As I mentioned earlier, I've lost a substantial amount of weight (enough to make my major issue when running water loss instead of joint/hip pain - AMAZING!). This has left my closet in a sad state of disrepair - I'm losing weight at just the right rate where I only own 2 pairs of pants that fit right (because I'm shrinking out of them at the rate I wear them out), and I continue to try to wear clothes that are 1 to 3 sizes too big for me. Except there's a couple catches: my old dresses no longer fit or even flatter, my work shirts sag in such a way that I show too much cleavage/bra (even with a plunge bra), and all of this needs a lot of denial behind it.
So, I resolved to change this. I recently met a young woman, B, who is also large-cupped. We got to the point where we were talking about our bodies, how hard it is to find clothes, and I asked her what her bra size was. 36G, the perfect size for all of my clothes. We set up a clothing exchange date with a mutual friend of ours, A, at my place.
The night before, I went through my closet, tried things on, set aside everything, including lots and lots of bras. To say I was excited would be an understatement. I love those clothes and bras because they helped me better understand my body, my boobs, and learn to love myself. I hoped they could do the same for someone else.
Come day of, both the fantastic ladies arrive and we had a nice time hanging out, chatting etc. After an hour or so, we headed to my bedroom to start the clothing marathon. I had no idea what I was getting into, or just how transformative it would be for all of us.
I handed B a stack of my old 36G bras, some barely worn, others very worn, told her that whichever ones she liked and fit were hers to keep. It turned out she'd never owned a bra that fit. I'd expected never owning clothing tailored to her body, but never owning a proper bra? I felt like a Fairy Bra Mother, though a poor one with what I had to offer.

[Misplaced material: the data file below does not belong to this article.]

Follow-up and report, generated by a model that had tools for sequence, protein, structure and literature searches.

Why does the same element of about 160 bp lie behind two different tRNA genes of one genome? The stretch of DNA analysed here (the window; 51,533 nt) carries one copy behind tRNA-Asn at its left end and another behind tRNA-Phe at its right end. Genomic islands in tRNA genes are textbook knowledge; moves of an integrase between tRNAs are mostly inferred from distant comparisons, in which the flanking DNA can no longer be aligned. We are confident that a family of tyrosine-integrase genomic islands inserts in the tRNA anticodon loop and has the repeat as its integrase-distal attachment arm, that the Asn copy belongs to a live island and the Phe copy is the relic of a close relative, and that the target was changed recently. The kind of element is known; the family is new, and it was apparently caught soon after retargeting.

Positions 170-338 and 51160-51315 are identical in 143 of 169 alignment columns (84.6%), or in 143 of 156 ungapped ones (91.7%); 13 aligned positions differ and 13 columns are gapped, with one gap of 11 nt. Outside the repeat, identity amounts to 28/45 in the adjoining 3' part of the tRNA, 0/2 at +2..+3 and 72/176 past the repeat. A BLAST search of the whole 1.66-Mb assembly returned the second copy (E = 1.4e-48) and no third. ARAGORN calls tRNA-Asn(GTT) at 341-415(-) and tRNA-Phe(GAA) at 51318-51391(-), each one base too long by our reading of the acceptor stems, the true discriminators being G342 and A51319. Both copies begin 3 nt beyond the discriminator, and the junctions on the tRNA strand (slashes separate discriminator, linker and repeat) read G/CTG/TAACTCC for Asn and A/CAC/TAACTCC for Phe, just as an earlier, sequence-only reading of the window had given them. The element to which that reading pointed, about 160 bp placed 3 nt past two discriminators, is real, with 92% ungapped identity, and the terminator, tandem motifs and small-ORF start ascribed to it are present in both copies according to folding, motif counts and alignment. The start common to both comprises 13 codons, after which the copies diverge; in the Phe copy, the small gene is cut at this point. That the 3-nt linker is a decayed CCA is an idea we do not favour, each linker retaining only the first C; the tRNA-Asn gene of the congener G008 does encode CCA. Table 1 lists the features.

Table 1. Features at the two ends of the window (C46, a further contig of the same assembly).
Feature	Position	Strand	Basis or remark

B was over the moon about how good she looked in the clothes. A and I were both delighted each time she emerged from my closet in something new - everything looked so amazing on her body. In the end, I gave B about 3 full shopping bags worth of clothing and bras - things that I no longer used, but I knew that she not only would use, but needed.
While B was trying on clothes in my closet, I casually asked A her bra size. 36DD my ass. I asked if she was up for getting measured, she said yes. So I whipped out my trusty tape measure and after getting her measurements, I dug through some of my bras and asked if she'd be willing to try it on. She said why not, and gave it go. The bra was a Panache tango plunge that never quite fit me right after my initial fitting in it. But it fit A perfectly. The bra was a 32G, a far cry from a 36DD. I think we were both in shock for a moment. A wrapping her head around the new bra size, and me because I suddenly had a friend who wears a very similar bra size. I grabbed my Pinup Girl Jessica and Heidi dresses from my closet for A to try on - perfect fits. They currently fit me as well, but I told A to let me know if she wanted to borrow a dress or a top. Turned out she has a formal coming up, and needed a dress for it. It was exciting to see her confronted, for the first time in her life, with a choice between well-fitting dresses. There's a sense of being overwhelmed, of joy, and of wonder. To feel you have a choice is to be empowered.
From my perspective, I just helped two amazing ladies better appreciate and understand their bodies. I gave them the power to dress well, and opened the door to important, life-altering options. But even more than that, I also helped myself. I think we all hold onto things we don't need to hold onto. I was holding onto clothing and bras in this case. Things that didn't fit, or sort of fit, clothing I tried to fake my way in. I was holding onto things because they were such a huge part of my life - my college graduation dress, the shirt I taught my first class in, my first properly fitted bras. But, holding onto items doesn't give them power. It just gives them power over me, and began to impair my own life. They create decisions and impediments, rather than preserving memories. At that point, it was time to let go and move on.
I'm still a little raw from giving away those clothes. I know it needed to happen. On the other hand, I still cannot get over how incredibly happy B was each time she came out in a new piece of clothing. Or the look on A's face when she tried on the dresses. To empower other women was an amazing experience and I would do it all over again in a heartbeat.